Galaxy Entertainment Group Ltd., the casino operator founded by billionaire Lui Che-Woo, reported annual profit that more than doubled as the number of Chinese gamblers to Macau rose.
Net income in 2012 rose to HK$7.4 billion ($953 million) from HK$3 billion a year earlier, the company said in a statement to the stock exchange today. That compares with the HK$7.46 billion average estimate of 25 analysts compiled by Bloomberg.
Galaxy, which runs the Galaxy Macau and StarWorld Hotel casinos in the former Portuguese colony, benefited as the world’s largest gambling hub attracted more Chinese tourists last year. Companies such as Galaxy, Sands China Ltd. and Melco Crown Entertainment Ltd. plan to expand in Macau’s Cotai area, a zone equivalent to Asia’s Las Vegas Strip, as casino revenue rose to a record 304 billion patacas ($38 billion) in 2012.
The company, based in Hong Kong, said in December it would invest as much as HK$50 billion to expand a Macau resort as it seeks to draw more Chinese visitors to its properties. Macau is the only place in China where casino gambling is legal.
The casino operator has received approval from the Macau government to add 50 tables between its Galaxy Macau and Starworld properties, Deputy Chairman Francis Lui said at a press conference today.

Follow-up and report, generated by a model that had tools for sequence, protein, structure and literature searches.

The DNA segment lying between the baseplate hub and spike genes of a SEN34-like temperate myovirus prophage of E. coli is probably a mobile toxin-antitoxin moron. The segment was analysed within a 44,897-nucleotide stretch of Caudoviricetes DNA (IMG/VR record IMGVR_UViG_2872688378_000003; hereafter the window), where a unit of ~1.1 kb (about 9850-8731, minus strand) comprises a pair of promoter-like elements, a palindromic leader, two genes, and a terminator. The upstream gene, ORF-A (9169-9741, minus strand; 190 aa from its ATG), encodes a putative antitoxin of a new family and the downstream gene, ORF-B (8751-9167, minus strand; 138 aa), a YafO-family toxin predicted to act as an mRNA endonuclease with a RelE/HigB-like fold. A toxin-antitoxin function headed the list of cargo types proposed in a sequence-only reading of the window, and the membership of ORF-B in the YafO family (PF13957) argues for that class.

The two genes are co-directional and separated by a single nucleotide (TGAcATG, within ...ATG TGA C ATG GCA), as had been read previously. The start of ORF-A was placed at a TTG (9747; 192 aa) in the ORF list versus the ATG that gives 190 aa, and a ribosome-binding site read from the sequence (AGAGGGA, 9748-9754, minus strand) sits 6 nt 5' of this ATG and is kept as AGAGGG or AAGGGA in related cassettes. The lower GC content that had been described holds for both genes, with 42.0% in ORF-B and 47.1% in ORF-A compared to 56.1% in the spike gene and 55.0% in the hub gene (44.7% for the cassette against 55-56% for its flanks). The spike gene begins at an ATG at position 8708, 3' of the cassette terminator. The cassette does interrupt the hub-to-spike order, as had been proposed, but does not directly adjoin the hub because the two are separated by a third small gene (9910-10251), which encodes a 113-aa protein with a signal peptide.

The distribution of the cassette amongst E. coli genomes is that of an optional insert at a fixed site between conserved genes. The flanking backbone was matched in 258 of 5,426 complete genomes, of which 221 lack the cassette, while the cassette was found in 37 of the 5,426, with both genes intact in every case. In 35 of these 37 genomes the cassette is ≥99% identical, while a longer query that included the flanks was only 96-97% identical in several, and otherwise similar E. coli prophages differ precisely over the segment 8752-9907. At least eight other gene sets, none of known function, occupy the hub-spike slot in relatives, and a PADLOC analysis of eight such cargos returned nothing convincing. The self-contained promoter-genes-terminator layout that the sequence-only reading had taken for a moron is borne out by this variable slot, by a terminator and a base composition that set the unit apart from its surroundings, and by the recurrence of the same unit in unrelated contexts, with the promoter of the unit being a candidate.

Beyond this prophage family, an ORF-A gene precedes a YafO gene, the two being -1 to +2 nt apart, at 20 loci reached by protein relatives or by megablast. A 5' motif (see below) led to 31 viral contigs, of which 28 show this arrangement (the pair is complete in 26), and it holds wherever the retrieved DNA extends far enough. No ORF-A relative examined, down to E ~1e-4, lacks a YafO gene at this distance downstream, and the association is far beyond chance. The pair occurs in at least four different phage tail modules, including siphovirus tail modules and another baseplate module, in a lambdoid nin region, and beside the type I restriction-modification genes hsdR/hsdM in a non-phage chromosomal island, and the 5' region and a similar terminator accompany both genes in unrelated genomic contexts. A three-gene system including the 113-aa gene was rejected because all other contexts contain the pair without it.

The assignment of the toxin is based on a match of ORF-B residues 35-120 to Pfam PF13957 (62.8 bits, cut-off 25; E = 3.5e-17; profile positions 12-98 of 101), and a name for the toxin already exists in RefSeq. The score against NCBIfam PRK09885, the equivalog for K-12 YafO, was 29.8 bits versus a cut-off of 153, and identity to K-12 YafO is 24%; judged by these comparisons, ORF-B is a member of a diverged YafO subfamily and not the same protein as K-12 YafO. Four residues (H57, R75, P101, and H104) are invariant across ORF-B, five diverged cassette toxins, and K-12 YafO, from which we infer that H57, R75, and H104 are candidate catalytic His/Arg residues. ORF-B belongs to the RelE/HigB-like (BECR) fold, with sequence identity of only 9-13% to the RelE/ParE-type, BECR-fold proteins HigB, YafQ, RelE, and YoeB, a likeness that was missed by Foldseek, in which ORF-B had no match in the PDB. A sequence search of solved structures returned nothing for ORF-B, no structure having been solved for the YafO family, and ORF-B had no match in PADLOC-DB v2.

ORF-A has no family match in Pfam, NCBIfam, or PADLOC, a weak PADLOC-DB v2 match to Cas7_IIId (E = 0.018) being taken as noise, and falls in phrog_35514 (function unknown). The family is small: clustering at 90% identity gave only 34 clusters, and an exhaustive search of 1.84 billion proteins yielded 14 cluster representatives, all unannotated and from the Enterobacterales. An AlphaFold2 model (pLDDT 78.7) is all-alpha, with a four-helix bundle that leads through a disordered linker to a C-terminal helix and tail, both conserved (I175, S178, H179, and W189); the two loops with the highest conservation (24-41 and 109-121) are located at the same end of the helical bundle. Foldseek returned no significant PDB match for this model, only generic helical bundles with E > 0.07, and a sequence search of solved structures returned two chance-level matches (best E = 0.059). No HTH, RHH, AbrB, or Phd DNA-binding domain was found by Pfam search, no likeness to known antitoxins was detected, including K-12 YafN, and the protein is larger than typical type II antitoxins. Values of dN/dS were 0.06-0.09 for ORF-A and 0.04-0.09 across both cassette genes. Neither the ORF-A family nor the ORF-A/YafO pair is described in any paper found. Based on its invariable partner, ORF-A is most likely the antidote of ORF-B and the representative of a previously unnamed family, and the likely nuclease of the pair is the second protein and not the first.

Shares of Galaxy fell 0.8 percent to close at HK$33.05. The benchmark Hang Seng Index gained 0.3 percent.
Adjusted earnings before interest, taxes, depreciation and amortization, or Ebitda, surged to HK$9.8 billion from HK$5.7 billion in 2011. Revenue rose 38 percent to HK$56.7 billion.
Still Macau’s gaming growth is slowing. Gross gambling revenue rose at about 9 percent in the first two months of this year, lagging behind the consensus 13 percent growth estimate for 2013, Jefferies Hong Kong Ltd. analysts led by Leon Liao wrote in a note this month. High-stakes bettors from the mainland are curbing spending after a slowdown in the world’s second-largest economy last year, according to Liao.
Lui said he hasn’t seen any evidence of a China government policy crackdown on the VIP junket operators who offer credit to gamblers from the mainland.
Macau’s government said last month it will “strengthen” its licensing system for casino junket operators and work with law enforcement to tackle gambling-related crimes.
— With assistance by Liza Lin